There are no significant symptoms that indicate prostate cancer so screening (while controversial) has been used and has been shown to decrease mortality. Enlarged prostate (BPH) often causes urinary symptoms which many people confuse with concerns for cancer. Because there are no symptoms until later stages of disease, you should talk with your healthcare provider about the risks and benefits of screening in order to make an informed decision.
The Digital Rectal Exam (DRE) and a blood test called Prostate Specific Antigen (PSA) are the screening methods used and if indicated lead to a biopsy of the prostate for diagnostic purposes. If prostate cancer is found then imaging such as a CT scan and/or bone scan may be in order to help plan treatments.
Many treatments are available which can make deciding on a treatment quite confusing. The decision is usually based on age, health status, aggressiveness of disease based on biopsy, lifestyle etc.
- Surgery – a radical prostatectomy is the technical name for removal of the entire prostate gland often with a lymph node dissection. Our Urologic surgeons perform many of these each year; it remains the “gold standard”of prostate cancer treatment.
- Expectant management – also referred to as watchful waiting or active surveillance, it is often suggested for less aggressive character tumors.
- Radiation – several forms are possibilities:
- Brachytherapy – insertion of radioactive pellets into the prostate
- External Beam Radiation – traditional radiation delivered over 8 weeks
- Proton Beam – newer method similar to external beam
- Cyberknife – traditional radiation with slightly different delivery
- Cryotherapy – freezing of the prostate gland to kill tumor cells.
- Hormonal therapy – manipulation of testosterone to cause regression or slow the process.
- Chemotherapy – usually later in the treatment process after failure of more traditional approaches.
- High Intensity Focused Ultrasound – not available in the United States; still multiple concerns over true cancer control this method continues to be researched.
We have several options available for advanced prostate cancer including Xgeva, Xtandi, Zytiga, Provenge, and Xofigo.
RENAL CELL (KIDNEY) CANCER
Cancer of the kidney affected approximately 65,000 Americans last year and caused around 14,000 deaths. This tumor historically presented late, but with imaging being used more common in general most are picked up earlier and are more easily treated. The rate of detection has been increasing by about 2% over the past ten years.
Smoking and obesity seem to be significant risk factors and there are some familial inheritance patterns that are associated with von Hippel-Lindau being the most common familial association. Increasing age and renal cystic disease associated with renal failure are also common factors in people with renal masses.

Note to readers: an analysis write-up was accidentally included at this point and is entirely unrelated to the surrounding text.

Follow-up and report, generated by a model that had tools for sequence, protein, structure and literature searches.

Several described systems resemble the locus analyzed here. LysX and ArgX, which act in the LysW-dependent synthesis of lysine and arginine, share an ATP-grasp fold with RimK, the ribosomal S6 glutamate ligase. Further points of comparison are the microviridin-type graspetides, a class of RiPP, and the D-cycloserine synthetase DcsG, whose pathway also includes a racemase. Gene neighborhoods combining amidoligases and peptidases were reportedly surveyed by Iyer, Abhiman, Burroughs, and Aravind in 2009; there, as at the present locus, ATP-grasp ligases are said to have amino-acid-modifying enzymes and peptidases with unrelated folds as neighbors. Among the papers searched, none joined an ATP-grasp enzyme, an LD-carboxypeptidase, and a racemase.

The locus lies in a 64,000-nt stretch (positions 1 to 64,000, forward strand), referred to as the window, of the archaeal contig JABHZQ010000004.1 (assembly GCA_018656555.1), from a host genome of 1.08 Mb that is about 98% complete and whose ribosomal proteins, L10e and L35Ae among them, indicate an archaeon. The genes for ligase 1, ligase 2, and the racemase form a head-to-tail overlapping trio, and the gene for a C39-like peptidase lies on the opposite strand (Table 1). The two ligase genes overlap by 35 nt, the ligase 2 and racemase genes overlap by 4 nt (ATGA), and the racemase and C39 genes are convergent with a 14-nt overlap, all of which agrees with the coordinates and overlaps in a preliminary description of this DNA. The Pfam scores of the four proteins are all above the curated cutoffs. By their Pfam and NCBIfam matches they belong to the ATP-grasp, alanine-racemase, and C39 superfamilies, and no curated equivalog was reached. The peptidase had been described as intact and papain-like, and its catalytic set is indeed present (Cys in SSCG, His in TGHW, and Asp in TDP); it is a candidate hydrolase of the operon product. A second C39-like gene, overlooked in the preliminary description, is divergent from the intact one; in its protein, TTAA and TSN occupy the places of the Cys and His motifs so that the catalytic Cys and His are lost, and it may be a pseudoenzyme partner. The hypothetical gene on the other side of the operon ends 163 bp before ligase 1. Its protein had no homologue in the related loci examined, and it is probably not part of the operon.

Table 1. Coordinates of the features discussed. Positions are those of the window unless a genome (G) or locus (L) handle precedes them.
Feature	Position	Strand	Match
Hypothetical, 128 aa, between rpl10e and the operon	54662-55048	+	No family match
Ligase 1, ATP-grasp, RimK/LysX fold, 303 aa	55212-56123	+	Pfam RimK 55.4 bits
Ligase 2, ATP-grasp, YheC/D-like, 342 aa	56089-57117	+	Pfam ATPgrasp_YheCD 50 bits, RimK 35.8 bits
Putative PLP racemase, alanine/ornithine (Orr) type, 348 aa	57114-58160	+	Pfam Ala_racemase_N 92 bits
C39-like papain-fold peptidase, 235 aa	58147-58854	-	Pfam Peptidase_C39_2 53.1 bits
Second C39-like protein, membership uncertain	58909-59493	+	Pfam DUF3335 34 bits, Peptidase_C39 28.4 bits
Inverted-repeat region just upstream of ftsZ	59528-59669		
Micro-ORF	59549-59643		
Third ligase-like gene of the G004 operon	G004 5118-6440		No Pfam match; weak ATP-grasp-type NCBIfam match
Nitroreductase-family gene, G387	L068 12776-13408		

Hematuria (blood in the urine) is the most common symptom. A palpable abdominal mass and pain are also historically associated symptoms. Other tumor effects such as weight loss, swelling and blood count abnormalities may be present. Most renal cancers currently diagnosed are asymptomatic and are found incidentally with imaging obtained working up other problems
Imaging remains the gold standard of diagnosis. A CT scan with contrast has a very high rate of accuracy as an initial diagnostic endeavor. MRIs and Ultrasounds are also common modalities that are used. Staging is based mainly on imaging.
- Surgery remains the hallmark of treatment for kidney cancer. These tumors are generally not very responsive to chemotherapy and/or radiation although these other methods are used at times. There are newer oral chemotherapy agents that have show some promise but are generally not used as first-line treatment. Unless there is extensive disease these surgical procedures are able to be performed by minimally invasive techniques.
- Radical Nephrectomy is the removal of the entire kidney, partial ureter and the surrounding fat and lymph tissue.
- Partial Nephrectomy is the removal of the tumor only, leaving as much of the normal kidney intact as possible.
- Cyrotherapy is a procedure where the tumor is frozen to destroy the mass.
- Radiofrequency ablation has been used at some centers, but has some issues and is not often used on kidney masses.
Testicular cancer is not overly common and is mainly a concern of men that are younger between 15 and 35 years of age generally. Detected early, testicular cancer has an excellent prognosis and self-exams are the main form of detection.
- Undescended testicle – a history of undescended testicle increase one's risk
- Genetic disorders causing changes in sexual development
- Family or personal history
- Painless mass or swelling of the testicle
- Testicular pain
- Heavy feeling to testicle
- Physical examination
- Scrotal Ultrasound – based on imaging combined with exam and history, most masses in the testicle can confidently be determined likely to be cancerous or not
- Testicular cancer markers will be drawn
- Orchiectomy – removal of the testicle surgically is performed for definitive diagnosis
Testicular cancers are grouped into two categories: non-seminomatous and seminoma. Treatment depends of the type of tumor and imaging studies (CT scan, chest X-ray, etc.) and marker status both pre and post-operative. Modalities of treatment consist of possible further surgery to remove the lymph nodes associated, radiation and/or chemotherapy.